Jut Wynne at Rano Kao Volcano conducting reconnaissance for the cliff work to take place in August. (Credit: Rafael Rodriguez Brizuela) On Easter Island, isolated in the middle of the vast Pacific Ocean, ten species of near microscopic insects are all that remain of the island's native species — at least for now. Hidden in volcanic caves that dot the island, the endemic insects of Rapa Nui eke out an existence in an increasingly imperiled habitat. Their ancestral homes, fragile gardens of moss and ferns, are endangered by tourists flooding into the tiny island, and hordes of invasive species threaten to crowd them out. The island may have been immortalized by its iconic Moai, monolithic stone statues standing some 40 feet tall, but its most important inhabitants are almost too small to be seen.
Long History of Ecological Stress
The story of environmental destruction on Rapa Nui begins when humans arrived on the island. Polynesian sailors, carried over the waves in giant canoes, made landfall sometime between 800 and 1200 AD. They built a civilization on the verdant island, utilizing the tropical forests for boats and building materials, farming the virgin earth and fishing the bountiful seas. The population soon swelled, likely to around 15,000 inhabitants at its peak in the 17th century, but the population fell to around two or three thousand people by the time Europeans first arrived in 1722.
Wynne and Parque Nacional Rapa Nui Park Guard Sergio Manuheuroroa Teave returning to Hanga Roa from Mataveri. (Credit: Rafael Rodriguez Brizuela) The ecological shift brought on by human activity may have had devastating consequences for the species that had called the island home for millennia, and which were adapted to a specific kind of environment. What was once palm-dominated scrub forest became a grassland, erasing the natural habitat of dozens of species. The lost species included five kinds of land birds, sea mammals, insects and a type of giant palm tree called Paschalococos disperta, or the Easter Island Palm.
Wynne searching for insects hidden in a fern-moss garden within a cave in the Roiho Sector, Rapa Nui. (Credit: Katherine Moreira) "Ecosystems don't collapse, they shift from one steady state to another, and that’s simply what happened here on Rapa Nui. What caused that shift was a very fragile, fire-intolerant ecosystem and the arrival of humans timed inauspiciously with a extended drought period," says Jut Wynne, an assistant research professor in the Department of Biological Sciences and the Merriam-Powell Center for Environmental Research at Northern Arizona University. "And when that happened, it put a big strain on the ecosystem, we lost a lot of endemic plants in favor of a more homogenous environment, and we lost a lot of endemic animals ... the only animals terrestrial in origin that are remaining on Easter Island are insects, and they are fleetingly few."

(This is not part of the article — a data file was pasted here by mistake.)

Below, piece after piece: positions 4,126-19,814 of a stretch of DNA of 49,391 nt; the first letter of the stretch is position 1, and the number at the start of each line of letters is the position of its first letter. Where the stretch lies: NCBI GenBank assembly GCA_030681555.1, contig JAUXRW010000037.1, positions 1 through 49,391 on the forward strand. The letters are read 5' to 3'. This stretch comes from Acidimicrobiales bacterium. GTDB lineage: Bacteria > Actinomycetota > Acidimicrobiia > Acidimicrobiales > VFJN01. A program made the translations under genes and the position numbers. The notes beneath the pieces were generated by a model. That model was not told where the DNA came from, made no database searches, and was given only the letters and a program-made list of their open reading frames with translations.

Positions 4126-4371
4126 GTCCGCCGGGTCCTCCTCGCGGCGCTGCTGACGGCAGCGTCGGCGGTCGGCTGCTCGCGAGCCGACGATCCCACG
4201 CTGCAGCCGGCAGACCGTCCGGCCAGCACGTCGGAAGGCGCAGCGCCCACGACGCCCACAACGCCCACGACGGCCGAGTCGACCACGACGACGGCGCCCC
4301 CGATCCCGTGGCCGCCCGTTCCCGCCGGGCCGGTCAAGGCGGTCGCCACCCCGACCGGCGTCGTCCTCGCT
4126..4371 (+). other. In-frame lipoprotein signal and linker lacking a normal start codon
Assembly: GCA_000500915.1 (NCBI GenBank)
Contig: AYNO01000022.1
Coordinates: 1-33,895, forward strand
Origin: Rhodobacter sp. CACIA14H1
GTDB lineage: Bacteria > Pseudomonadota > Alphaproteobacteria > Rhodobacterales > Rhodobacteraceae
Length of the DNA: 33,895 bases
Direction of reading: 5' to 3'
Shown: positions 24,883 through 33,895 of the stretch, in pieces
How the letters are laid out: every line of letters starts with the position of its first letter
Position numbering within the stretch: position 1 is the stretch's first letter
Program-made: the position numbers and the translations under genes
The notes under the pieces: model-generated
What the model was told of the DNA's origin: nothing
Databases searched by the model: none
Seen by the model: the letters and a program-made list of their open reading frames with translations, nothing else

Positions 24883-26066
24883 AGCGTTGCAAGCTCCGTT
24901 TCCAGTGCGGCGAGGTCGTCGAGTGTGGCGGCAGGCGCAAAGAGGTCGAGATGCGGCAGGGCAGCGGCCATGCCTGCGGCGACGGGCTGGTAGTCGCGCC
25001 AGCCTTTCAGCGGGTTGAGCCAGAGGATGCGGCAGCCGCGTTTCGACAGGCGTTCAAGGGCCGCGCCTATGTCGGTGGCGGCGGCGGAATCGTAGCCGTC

Race to Save Unique Species
The island now hosts species from the mainland and other places, as well as hundreds of sheep and horses, as well as goats, domesticated descendants of the livestock owned by ranchers who worked the island in the early 1900s. Hidden under their feet, however, are some of the last true natives of Rapa Nui — ten species of insects endemic to the island. Wynne is visiting the island this summer to continue a nearly decade-long project of studying, classifying and hopefully conserving the insects.
Searching cliff faces for native insects along the southern coast of Poike Volcano. (Credit: Rafael Rodriguez Brizuela) An ecologist who has worked in places as far-flung as the Atacama Desert, Scotland and Mexico, Wynne first visited Rapa Nui in 2008, following a childhood dream of seeing the island. He would return that year to conduct a baseline study looking at one cave, which provided a basis for subsequent expeditions. Trips in 2009 and 2011 followed, during which he sampled over a dozen more caves and identified eight new species endemic to the island, bringing the total to ten. This summer, supported by a Fulbright fellowship, he hopes to expand his search to the cliffs, lakes and coast lines of the island, in addition to ramping up conservation efforts among the populace.
Hawaiioscia rapui (Credit: Jut Wynne) The 10 species he's discovered likely represent only a portion of what was once on the island. Records indicate that many more once crawled across the island, but were wiped out by changes to the ecosystem and invasive species. The remaining insects have likely all retreated underground, where conditions likely reflect the Rapa Nui ecosystem that existed before humans arrived. They live chiefly in gardens of fern and moss gardens that provide the cool, damp surroundings they prefer. These caves, scientists believe, may be the only places where these species exist.